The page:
5) PICK SEEDS AND PLANTS NATIVE TO YOUR AREA
6) GET PROPER FENCING TO KEEP CRITTERS OUT
7) GET THE SOIL READY
8) DON’T PLANT TOO SOON
9) DON’T FORGET TO...
Potato pirnts are fabulous and super fun, but their big blocky, starchy selves mean either a huge block of color, or your own, carved design.
But, give mother a nature a chance to pick the pattern this time with making prints with celery. A little wispy, a little floral and a whole buncha cool. Pair with some scrap paper for an excellent homemade gift wrap option.
It's always marvelous to see what can be created with a bit o' produce and a knife. This autumn, besides all the brilliant jack-o-lanterns (which are created, after all, with produce and a knife), the watermelon brain joins the flanks nicely. Click here for a full how-to from Scoochmaroo.
Improving your home's efficiency and lessening your dependence of fossil fuels is only part of the necessary change. You also have to eat like you give a damn. Check out Dr. Bill Chameides' first video for The Green Grok on sustainable food shopping.
So you've switched from paper or plastic and gone to reusable grocery bags. If you haven't yet done so, it's now time to ditch non-recyclable plastic produce bags for something a bit more earth-friendly too. A great alternative to them are the fabulous BYO Bags. They’re made of a lightweight nylon mesh that’s not only breathable, but durable, washable, quick drying and, of course, reusable. I found my set of 3–one small, one medium and one large...
I've been doing this ever since I've had a patch of dirt in which to grow 'em. Next time you grab a bunch of scallions/green onions at the supermarket, hold onto the root ends.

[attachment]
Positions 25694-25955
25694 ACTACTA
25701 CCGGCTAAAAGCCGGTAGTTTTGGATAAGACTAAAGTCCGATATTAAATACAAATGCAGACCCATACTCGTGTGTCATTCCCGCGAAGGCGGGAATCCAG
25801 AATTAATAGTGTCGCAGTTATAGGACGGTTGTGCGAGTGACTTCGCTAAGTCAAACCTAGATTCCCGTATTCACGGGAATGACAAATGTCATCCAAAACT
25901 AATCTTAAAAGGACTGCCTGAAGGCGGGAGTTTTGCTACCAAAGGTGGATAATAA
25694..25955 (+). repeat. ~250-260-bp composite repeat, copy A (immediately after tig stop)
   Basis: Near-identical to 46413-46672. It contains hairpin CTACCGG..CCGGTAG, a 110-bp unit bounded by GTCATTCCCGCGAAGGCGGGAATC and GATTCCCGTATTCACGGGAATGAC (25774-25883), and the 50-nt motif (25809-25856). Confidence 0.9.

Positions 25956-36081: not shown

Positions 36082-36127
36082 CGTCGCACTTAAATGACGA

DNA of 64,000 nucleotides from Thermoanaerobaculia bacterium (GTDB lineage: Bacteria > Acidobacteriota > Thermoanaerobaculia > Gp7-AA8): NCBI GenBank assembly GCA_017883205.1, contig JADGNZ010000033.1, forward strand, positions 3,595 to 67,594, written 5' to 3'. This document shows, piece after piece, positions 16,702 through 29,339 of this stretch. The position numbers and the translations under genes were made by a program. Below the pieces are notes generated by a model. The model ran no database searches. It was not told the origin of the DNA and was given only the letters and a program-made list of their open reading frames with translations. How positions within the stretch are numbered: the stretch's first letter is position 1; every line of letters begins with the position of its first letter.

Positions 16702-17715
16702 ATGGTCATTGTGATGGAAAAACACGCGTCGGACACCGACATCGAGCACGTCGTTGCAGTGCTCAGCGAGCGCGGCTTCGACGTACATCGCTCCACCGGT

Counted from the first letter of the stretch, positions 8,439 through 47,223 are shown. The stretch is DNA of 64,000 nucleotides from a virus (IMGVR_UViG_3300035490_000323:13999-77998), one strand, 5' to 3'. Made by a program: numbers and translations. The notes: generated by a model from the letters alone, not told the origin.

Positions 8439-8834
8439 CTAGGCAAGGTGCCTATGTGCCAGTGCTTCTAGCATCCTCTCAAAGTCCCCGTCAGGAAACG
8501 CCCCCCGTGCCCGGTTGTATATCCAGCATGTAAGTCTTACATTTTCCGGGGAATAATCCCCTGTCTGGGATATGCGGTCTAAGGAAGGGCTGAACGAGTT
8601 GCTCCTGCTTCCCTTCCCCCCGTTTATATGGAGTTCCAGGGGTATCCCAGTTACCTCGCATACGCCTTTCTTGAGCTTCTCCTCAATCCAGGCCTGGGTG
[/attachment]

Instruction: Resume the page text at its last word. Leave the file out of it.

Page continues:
Then, simply plant them about one inch into the dirt (in the garden or a pot). Water well, and wait for the greens to return. The more you snip them, they faster they'll grow.
You can also do this with whole garlic bulbs and use the green sprouts in pastas...
Everyone loves that one freakishly large pumpkin at their local pick-your-own patch or fall festival. But how would it measure up to 100 others at the Pennsylvania Great Pumpkin Growers Association annual weigh-off?
Read this enjoyable article from the Washington Post.
[Image from Bigoven.com]
Super-cool gardening magazine Mother Earth Living maintains, "With a few seed packets and a little planning, you can enjoy fresh salads, cooking greens and other garden treats year-round." They offer a series of tips for planting and growing hearty greens, lettuces, and root vegetables.
- Plant in mid-August to mid-September. (Right now!)
- Use leaves to keep soil warm.
- Keep out bugs and critters.
- All sorts of nutrional benefits.
My favorite foodie blog Chow provides a how-to to the mysterious, meticulous, and precarious process of canning produce. The article outlines the two safe, USDA-approved approaches, and even includes a video by canning authority June Taylor.
It's that time of year: all the plants to which you've so gingerly tended have returned the favor, with thousands of fruits and vegetables that you and your family can never eat.
Of course, you're thankful for the zucchini, eggplant, bell peppers, and the tomatoes....the countless, countless tomatoes.
- Kayln's Kitchen suggests slow roasting tomatoes and...
The Clean Cuisine is advertized as a means to purify fruits and vegetables using an ozone process also known as Activated Oxygen. It is purported to kill "bacteria and mold, and safely [break] down pesticides to provide you with food that is as safe as possible." At 180 bucks, it isn’t cheap, but considering there are over 33 million cases of food-borne illnesses a year in the US alone, it might be worth the cost. If it works, that is.